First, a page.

“The podcast I was listening to said it’s actually more freeing to have a set of rules, even a strict set of rules, versus unfiltered freedom. For example, what’s the best song at a wedding? It’s that ‘slide to the left, slide to the right, two hops this time’ song. Why? Because you know exactly what you’re supposed to do. I mean, how do you dance if you don’t know the steps?”

The Lukewarm leadership team has since accepted the employees’ demands and everyone has returned to the physical office for a 5-day, 8-to-5 schedule with 15-days of PTO.

“I finally get to take some time off!” Ash Amed said, before raising an eyebrow. “Wait a second…”

Surprisingly, job applications have gone up. New hires applaud the rules as a “breath of fresh air” in an increasingly chaotic “sounds too good to be true” recruiting landscape.

“Those other places with the 4-day week, or the free Peloton, or the ‘work hard, play hard,’ it’s like, alright, what’s the catch here?” said New Hire, Reed Dafineprint. “Lukewarm is transparent. They’ve got a structure. And that’s pretty freeing. Like you know that one song at a wedding…”

Morse said things are looking up in the new year. Business profitability and employee morale have never both been this high at the same time. At least not since the first week of the new coffee machine/air fryer.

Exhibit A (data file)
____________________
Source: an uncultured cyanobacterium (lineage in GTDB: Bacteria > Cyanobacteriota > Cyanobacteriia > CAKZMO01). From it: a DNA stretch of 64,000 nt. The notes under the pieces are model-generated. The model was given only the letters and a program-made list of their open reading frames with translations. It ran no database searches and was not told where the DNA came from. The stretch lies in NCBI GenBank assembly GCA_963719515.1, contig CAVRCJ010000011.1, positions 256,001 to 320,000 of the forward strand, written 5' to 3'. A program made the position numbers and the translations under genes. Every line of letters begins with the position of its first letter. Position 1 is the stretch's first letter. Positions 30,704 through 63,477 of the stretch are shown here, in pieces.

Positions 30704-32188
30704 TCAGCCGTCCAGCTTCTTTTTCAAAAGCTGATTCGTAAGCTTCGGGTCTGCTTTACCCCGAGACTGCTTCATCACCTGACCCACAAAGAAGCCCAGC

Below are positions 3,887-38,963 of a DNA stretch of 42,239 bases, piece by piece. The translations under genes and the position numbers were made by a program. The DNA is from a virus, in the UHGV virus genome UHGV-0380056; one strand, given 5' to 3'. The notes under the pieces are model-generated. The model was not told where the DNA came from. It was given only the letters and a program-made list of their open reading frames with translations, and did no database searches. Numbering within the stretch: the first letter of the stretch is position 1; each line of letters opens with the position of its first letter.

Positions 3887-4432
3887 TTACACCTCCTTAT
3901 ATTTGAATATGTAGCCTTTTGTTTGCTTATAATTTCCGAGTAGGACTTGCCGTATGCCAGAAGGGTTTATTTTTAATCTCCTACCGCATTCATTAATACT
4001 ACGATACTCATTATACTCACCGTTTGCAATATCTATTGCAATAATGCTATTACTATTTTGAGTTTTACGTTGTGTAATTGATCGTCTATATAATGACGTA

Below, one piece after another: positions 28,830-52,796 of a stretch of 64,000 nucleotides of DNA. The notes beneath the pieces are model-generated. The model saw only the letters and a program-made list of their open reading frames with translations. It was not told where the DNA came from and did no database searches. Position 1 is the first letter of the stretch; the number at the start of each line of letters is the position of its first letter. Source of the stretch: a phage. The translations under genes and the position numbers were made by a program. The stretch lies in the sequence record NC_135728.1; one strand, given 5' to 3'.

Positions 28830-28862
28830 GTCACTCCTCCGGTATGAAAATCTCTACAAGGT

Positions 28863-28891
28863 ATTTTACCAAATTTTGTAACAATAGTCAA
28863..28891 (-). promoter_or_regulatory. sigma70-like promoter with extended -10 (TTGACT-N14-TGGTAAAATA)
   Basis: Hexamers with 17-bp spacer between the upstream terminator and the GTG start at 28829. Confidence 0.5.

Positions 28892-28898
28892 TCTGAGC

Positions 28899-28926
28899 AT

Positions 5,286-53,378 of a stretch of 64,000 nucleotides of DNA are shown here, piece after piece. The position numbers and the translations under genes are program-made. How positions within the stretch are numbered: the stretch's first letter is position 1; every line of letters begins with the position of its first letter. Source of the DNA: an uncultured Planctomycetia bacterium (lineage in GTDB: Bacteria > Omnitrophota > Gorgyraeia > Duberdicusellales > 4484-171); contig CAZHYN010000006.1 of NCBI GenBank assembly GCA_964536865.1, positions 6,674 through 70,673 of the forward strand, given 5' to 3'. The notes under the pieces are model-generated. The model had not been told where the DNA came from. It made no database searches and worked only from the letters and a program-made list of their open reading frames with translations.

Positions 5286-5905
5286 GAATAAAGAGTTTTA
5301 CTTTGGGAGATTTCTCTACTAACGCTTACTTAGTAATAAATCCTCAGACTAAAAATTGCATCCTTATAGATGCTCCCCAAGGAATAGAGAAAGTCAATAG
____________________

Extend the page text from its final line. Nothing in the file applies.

To celebrate, leadership attempted to roll out a “Work From Home Friday” reward, but this was quickly rejected. Leadership is now cautiously implementing “Casual Friday,” but plans have stalled after a heated, “Do leggings count as pants?” debate broke out over Slack.

Ray Morse said it’s been a wild ride, but he’s proud of where the company is headed going into 2022.

“Our team has returned to work, and work has returned to our team,” Morse said, looking off in the distance. “Actually, that was pretty good. Let’s get that up on a poster.”

Thanks for stopping by the blog! If you enjoyed this article, you might also enjoy “The Extroverts are Coming: Return to Work in a Medieval Castle.”

I try to have a new post up every other Wednesday, so next one should be January 26th. To subscribe to the blog, just send me an email and I’ll get you set up. And if you’re interested in any longer “Medium Rare” works, make sure to check out Long Overdue Books.

Have a great rest of the week!

Filed under: Career Advice